This installment of Amy Waters Yarsinske’s Virginia community and travel histories takes us back in time to the days when the sparkling resort strip at Virginia Beach drew crowds by the train-full. Readers are visually taken back in time to a Virginia Beach that is no more, an oceanfront lined with summer cottages and welcoming inns, untouched seascapes and the wild country of Back Bay, Croatan, Sandbridge and Fort Story. You will follow the development of the resort from its salad days to the growth of grand hotels, clubs, nightlife and water sports to attract and accommodate excursionists from up and down the East Coast. Readers are invited to take a visual walk on the boardwalk of yesteryear and follow Virginia Beach through the turmoil of World War II and the unforgettable big band era, and going forward, to the fabulous fifties and sixties, when Virginia Beach formally enjoined with Princess Anne County and incorporated as an independent city in the Commonwealth.
Ocean View, a rich historical beachfront hamlet on the northern-most reaches of the city of Norfolk, was at one time a major resort destination for beachgoers and amusement park lovers, from Florida to Maine and west to the Mississippi. Ocean View presents a comprehensive pictorial history of this resort, its development as an important residential and recreational section of Norfolk, and the people who made it happen from 1862 to 1965. Using over 170 photographs, including those shot by Charles S. Borjes, often called “Virginia’s finest press photographer of his day,” we can experience and explore this very special part of Norfolk.
Between Memory and Reality
Church Street, one of Norfolk’s original streets laid in 1680, served for many years as the gateway to the city. Originally called “The Road That Leadeth Out of Town,” its name was changed to Church Street following the completion of Saint Paul’s Episcopal Church in 1739. Eastern European immigrants who settled the area between 1890 and 1914 established successful, small businesses along this main street, but by the late 1920s, many of the business owners had moved to outlying suburbs. African Americans soon began to settle the area, and as the black population increased, Church Street became the local center for African-American family life, religion, entertainment, education, and the manifestation of political power that would later give birth to several leaders of the American Civil Rights Movement.
Summer on the Southside brings to life the warm and sunny memories of yesteryear with unsurpassed detail by acclaimed author and historian Amy Waters Yarsinske. Including never-before-published images spanning the years from 1870 to 1965, this collection is a nostalgic view of those lazy summer days in the southside region of Hampton Roads. Scenes from the cities of Norfolk, Portsmouth, Virginia Beach, Chesapeake, Suffolk and the counties of Isle of Wight and Southampton, chronicle the familiar and well loved activities of summer, from fishing trips, beach outings, and picnics to ice cream cones, fireworks and baseball. Evoking the sweet, heavy scent of summer with beautiful photographs and charming anecdotes, this books is a well-crafted history of summertime in Virginia that invites all to reminisce.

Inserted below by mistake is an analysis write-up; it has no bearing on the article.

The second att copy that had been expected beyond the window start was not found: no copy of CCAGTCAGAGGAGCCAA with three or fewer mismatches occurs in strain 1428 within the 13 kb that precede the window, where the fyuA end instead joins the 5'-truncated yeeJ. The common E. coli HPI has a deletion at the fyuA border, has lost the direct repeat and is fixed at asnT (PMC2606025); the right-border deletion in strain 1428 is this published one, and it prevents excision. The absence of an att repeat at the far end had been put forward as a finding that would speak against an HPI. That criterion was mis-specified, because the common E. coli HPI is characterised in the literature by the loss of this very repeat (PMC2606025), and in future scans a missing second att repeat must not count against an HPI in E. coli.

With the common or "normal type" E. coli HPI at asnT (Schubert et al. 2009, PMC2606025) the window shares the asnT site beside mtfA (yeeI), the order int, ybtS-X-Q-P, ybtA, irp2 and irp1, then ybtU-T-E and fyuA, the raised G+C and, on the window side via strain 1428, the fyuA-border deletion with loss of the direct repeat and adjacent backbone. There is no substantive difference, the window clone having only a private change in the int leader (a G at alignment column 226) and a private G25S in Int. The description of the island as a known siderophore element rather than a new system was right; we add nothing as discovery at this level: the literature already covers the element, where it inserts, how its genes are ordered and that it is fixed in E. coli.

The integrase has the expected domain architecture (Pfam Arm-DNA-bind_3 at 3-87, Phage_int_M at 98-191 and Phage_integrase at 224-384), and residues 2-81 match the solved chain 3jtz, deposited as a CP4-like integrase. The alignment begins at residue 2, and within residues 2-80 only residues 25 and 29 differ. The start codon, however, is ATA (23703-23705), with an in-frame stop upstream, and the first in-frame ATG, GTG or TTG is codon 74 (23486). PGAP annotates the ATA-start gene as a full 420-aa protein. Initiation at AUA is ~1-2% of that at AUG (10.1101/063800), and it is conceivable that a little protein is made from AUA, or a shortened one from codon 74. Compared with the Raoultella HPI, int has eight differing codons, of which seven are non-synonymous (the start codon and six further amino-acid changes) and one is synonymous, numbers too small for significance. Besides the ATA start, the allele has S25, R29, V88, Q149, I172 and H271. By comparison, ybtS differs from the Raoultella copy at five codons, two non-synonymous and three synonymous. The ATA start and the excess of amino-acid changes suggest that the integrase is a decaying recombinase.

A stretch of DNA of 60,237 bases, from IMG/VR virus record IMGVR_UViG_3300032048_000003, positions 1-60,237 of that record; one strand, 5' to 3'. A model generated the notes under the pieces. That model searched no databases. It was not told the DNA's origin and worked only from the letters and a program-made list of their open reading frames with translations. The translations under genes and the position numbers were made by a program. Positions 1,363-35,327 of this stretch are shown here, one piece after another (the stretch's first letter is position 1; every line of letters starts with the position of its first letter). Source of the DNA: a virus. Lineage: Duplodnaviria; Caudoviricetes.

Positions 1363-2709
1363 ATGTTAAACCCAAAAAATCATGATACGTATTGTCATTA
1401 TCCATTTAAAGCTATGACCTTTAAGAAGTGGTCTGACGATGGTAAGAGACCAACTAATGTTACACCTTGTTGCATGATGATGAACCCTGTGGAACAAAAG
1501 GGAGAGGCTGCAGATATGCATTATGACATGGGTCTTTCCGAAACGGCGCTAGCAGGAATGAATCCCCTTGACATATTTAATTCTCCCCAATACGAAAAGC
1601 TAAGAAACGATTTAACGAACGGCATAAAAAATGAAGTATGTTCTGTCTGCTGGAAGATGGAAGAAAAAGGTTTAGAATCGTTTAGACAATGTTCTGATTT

Winter Comes to Norfolk is a retrospective of a vibrant city and its former neighboring counties and resorts during the time period 1880 to 1965. The book is a wonderful look at the winter months in a city that today rarely sees snow. Taking readers from October to April, the book explores the cultural and historical happenings of a city as its crisp fall months surrender to icy winters, and frigid cold melts, only to blossom into glorious springs.
Here we see a downtown in which people could hardly pass one another on streets choked with activity; a city at war and in peace; lean times of the Great Depression; a Navy Christmas; incredible winter landscapes; hard winters on the river and bay; parades and football games; children’s happy faces, from snowball fights to Christmas in the city, and, finally, the question inevitably asked as snow brought life to a full stop – “Will spring ever come?”
The Sunrise City by the Sea
“Pictures are as much a link to our past as our own birth certificates or the family tree. Abandoning or discarding photographs would be akin to discarding a vital piece of the past – who we are or where we come from.” So wrote one of Norfolk’s premier visual historians, Carroll H. Walker. As a photographer and historian, Walker dedicated his life to immortalizing, in vivid images, the quaint homes, quiet churches, and bustling businesses of his adopted seaside home. With over 300 photographs, including shots from other early Norfolk photographers Harry C. Mann, Charles S. Borjes, and H. D. Vollmer, Norfolk, Virginia – The Sunrise City by the Sea provides an intimate glimpse of Norfolk history from the 1630s to 1994, when the book was first published and four years after Walker’s death.